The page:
Q-2’s designers had a vast, technocratic vision for their proposed situation room. They expected to equip it with a wide range of brand-new devices, including “epidiascopes” (for projecting opaque images onto a screen), “stereomotographs” (automated slide projectors), and a “Variable-Speed Statistical Visualizer” (which would use electric lights to represent relative quantities). The US Joint Chiefs of Staff were impressed enough to commission a preliminary version for their own headquarters, which featured fewer of the bells and whistles, but then cancelled the presidential project. Roosevelt would have to make do with his famous, but less gadget-ridden, Map Room.
War Room Myth and Reality
If there’s been an unfortunate side-effect of Katz’s article, it’s that writers in cultural studies seem to have taken its images of the futuristic White House war room as representative of the actual wartime milieu, at least for its forward-thinking echelons. In fact, as Katz’s article explains, it was a mostly paper project. When set designer Ken Adam put a cavernous, high-tech War Room in the White House in the film Doctor Strangelove, he was creating something far in advance of reality (on Adam, see this interview in The New Statesman).
The White House Situation Room was only created by Kennedy in 1961, and it was decidedly low-tech. If you look at the pictures on the White House Museum website (scroll down for the earliest), you see that the early Situation Room was less advanced in terms of presentation tools than even what OSS built for the Joint Chiefs in 1942. As the picture of the File Room (third from the bottom) shows, the Situation Room was also primitive in terms of how it stored and manipulated data. Computerized data processing only arrived in the White House in 1969 (something John Laprise has written about in his article “Kissinger’s Computer” in Annals of the History of Computing). Both data processing and presentation and strategic command and control were issues that the entire US military found a serious challenge. (David E. Pearson’s book on the World Wide Military Command and Control System gives a sense of just how big.)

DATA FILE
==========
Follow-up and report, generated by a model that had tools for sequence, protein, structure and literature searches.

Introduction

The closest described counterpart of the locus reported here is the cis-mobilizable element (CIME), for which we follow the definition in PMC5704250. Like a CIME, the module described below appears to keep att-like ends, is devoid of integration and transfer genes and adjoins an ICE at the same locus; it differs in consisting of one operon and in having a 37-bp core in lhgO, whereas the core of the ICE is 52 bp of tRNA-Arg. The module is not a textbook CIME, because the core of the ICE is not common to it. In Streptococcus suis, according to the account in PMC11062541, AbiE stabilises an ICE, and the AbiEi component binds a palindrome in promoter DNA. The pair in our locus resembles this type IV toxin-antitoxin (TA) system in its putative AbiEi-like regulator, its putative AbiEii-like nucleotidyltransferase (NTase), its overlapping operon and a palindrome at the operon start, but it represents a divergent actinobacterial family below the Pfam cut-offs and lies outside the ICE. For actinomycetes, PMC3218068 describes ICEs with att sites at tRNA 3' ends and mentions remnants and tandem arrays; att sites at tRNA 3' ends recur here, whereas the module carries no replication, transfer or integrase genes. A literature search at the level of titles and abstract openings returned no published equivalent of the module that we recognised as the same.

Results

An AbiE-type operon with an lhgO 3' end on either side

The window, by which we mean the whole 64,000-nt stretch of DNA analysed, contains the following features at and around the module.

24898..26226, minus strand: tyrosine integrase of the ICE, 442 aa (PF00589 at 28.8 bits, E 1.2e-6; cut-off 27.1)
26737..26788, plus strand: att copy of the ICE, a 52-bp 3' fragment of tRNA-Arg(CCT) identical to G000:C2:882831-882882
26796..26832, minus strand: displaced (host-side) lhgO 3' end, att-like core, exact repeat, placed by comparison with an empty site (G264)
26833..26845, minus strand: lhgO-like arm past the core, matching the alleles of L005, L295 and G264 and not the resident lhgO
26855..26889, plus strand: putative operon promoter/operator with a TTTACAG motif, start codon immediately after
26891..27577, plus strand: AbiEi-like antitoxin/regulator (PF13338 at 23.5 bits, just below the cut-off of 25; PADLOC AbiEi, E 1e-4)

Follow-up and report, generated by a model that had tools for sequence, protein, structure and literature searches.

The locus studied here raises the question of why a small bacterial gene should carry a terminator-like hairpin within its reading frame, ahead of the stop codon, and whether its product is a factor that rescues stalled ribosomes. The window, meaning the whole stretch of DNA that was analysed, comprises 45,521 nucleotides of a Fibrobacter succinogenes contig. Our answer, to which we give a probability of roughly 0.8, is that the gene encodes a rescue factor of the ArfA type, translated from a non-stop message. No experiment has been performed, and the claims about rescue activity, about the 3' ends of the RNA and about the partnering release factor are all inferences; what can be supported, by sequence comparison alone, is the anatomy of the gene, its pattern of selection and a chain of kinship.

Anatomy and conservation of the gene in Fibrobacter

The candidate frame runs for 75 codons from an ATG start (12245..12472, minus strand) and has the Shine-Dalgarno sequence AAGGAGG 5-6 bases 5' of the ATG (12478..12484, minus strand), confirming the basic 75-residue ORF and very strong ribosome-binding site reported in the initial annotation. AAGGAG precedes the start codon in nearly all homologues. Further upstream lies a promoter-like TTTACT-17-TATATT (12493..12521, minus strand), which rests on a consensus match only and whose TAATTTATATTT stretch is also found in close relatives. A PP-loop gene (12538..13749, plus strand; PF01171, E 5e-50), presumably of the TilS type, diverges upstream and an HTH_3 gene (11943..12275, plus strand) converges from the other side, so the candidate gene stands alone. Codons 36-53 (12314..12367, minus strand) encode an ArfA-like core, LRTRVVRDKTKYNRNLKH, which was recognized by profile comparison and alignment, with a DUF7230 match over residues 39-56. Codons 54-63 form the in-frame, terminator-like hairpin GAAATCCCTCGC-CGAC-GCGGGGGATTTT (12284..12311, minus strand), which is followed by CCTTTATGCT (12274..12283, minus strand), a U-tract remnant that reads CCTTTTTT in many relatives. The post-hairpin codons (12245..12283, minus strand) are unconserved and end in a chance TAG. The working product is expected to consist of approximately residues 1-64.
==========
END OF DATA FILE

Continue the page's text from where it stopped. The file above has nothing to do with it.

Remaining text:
From this point of view, the Q-2 war room is more or less a dead end in the history of data visualization and command and control. Though it is possible that some of the designers involved spoke to their colleagues about the project, the detailed design work almost certainly remained classified. The proliferation of postwar command rooms and systems for bringing together and presenting disparate sources of information, both military and civilian, were only peripherally related to the work on Q-2.
That said, the cancellation of the White House war room was not the end of the Presentation Branch. Instead, OSS’s designers would end up shifting their efforts into new projects of a different sort.
Consider this a prequel of sorts to the semi-series on design in the Cold War. Part One looked at the corporate identity Erik Nitsche created for General Dynamics, Part Two at the Bulletin of the Atomic Scientists‘s doomsday clock, Part Three at NATO’s posters (and NATO’s Information Service here), and Part Four the CND’s peace symbol.